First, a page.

Your Perception of Gravity Is All Relative, Study Finds

girl doing headstand
Our perception of how an item will fall if it's tipping over is often biased toward the tilt of our body rather than gravity's true direction. (Image credit: © Paul Simcock |

In a discovery that could turn science on its head, researchers now find that you are a better judge of how objects fall when you are upright than when you lie on your side.

Our senses are known to play tricks on us. For instance, we can keep our balance when our eyes are closed, but are better at doing so when we open our eyes or touch a surface. This shows that our brain perceives gravity's direction through multiple senses -- our vision and the so-called vestibular system in our inner ear, among others.

Still, is any one sense more important than the others for discerning the pull of gravity and its effects? Answering this question could help astronauts deal better with microgravity as well as patients who have problems with their stability, such as those with Parkinson's disease and muscular dystrophy.

To measure how well people gauge how objects might fall, scientists equipped 15 volunteers with laptops that showed computer-rendered pictures of vaselike objects tipped at various angles over the edge of a table and asked them to indicate whether each item would fall or right itself. They were also asked to judge if a line on the screen was tilted clockwise or counterclockwise relative to which way was down. The participants were tested while they were sitting upright and lying on their sides.

The scientists found that volunteers were typically better judges of how objects fall when they were upright than when on their sides. Apparently, our perception of an item's stability is often biased toward the tilt of our bodies rather than visual cues of gravity's true direction. For instance, the Tower of Pisa "may appear more stable than it is if you lay in the same direction of its lean," said researcher Michael Barnett-Cowan, a postdoctoral neuroscientist and project leader for motion perception at the Max Planck Institute for Biological Cybernetics in Tübingen, Germany. "Lay in the opposite direction, and it may appear even more likely to fall."

People are reasonably good at predicting how objects will fall and estimating gravity's direction when we are upright "presumably because we spend most of the time with an upright posture," Barnett-Cowan noted. "This may explain why we go to great extents to align ourselves with gravity in order to engage in the world most optimally. [Why Time Seems to Slow Down in Emergencies]

Extreme sports are a good example."If you watch people surfing, skateboarding and racing motorcycles, they will try to keep their head upright as much as possible," he said. "However, because we rely on information from different senses to come up with the best estimate of gravity's direction, we are prone to error when this information is no longer in agreement."

Intriguingly, the way in which the brain integrates data from our senses apparently differs.

"Participants in our experiment fell along a spectrum from those that based their judgments mainly on gravity's true direction to those that were more dependent on vision and the sense of their body," Barnett-Cowan told LiveScience. "Why some people are more biased by their body orientation than others likely arises from the sense of their body being more reliable than the other senses, which may change with experience and damage to the senses or the way in which sensory information is integrated in the brain."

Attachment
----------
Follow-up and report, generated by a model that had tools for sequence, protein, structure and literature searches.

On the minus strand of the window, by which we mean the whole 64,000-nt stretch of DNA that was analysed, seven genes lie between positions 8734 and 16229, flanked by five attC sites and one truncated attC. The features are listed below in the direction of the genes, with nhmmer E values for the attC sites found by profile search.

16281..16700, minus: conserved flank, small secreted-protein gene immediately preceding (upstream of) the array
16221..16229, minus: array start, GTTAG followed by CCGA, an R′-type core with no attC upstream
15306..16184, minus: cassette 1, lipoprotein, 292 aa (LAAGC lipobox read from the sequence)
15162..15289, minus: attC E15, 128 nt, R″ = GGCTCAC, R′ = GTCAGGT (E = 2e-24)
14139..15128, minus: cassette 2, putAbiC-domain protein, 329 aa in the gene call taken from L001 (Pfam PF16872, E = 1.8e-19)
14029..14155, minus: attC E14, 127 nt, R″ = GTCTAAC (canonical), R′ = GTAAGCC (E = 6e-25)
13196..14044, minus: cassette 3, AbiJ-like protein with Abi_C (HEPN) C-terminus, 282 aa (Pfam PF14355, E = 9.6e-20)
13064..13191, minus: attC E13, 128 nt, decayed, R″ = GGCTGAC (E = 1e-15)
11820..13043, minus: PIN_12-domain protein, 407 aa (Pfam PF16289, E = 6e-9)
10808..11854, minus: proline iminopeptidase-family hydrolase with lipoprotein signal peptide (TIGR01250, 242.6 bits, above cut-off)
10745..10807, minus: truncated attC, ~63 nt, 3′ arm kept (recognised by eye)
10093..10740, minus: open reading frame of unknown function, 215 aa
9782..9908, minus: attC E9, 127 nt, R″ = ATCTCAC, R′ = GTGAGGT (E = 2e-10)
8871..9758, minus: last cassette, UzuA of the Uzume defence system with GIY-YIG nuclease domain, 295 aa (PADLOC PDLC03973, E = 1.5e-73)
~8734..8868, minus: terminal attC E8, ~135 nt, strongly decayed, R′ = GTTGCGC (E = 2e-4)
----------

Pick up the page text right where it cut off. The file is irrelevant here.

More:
The researchers now plan to investigate the role of each sense involved in our perception of the stability of an object. "Administering our task before, during and after exposure to microgravity, for example, can help determine how objects are perceived as stable in the absence of gravity and whether the brain adapts to such environments by changing the relative role of sensory cues," Barnett-Cowan said. [Is There Gravity in Space?]

These findings might help better understand why people, particularly children, have difficulty in solving "problems of equilibrium" such as the vase task the researchers used. "Our results suggest that these problems may arise from how information from the different senses are integrated in the brain," Barnett-Cowan said.

These findings might also yield insights into patients who have sensory problems. "In a previous experiment working with patients with Parkinson's disease, my research team in Canada and I were able to show that these patients rely less on their body and more on gravity when having to recognize objects in different orientations," Barnett-Cowan said. "If this is the case for perceived object stability, then we would predict that patients with Parkinson's disease may actually be better judges of object stability than nonpatients."

The scientists detailed their findings online April 27 in the journal PLoS ONE.

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Charles Q. Choi
Live Science Contributor
Charles Q. Choi is a contributing writer for Live Science and He covers all things human origins and astronomy as well as physics, animals and general science topics. Charles has a Master of Arts degree from the University of Missouri-Columbia, School of Journalism and a Bachelor of Arts degree from the University of South Florida. Charles has visited every continent on Earth, drinking rancid yak butter tea in Lhasa, snorkeling with sea lions in the Galapagos and even climbing an iceberg in Antarctica.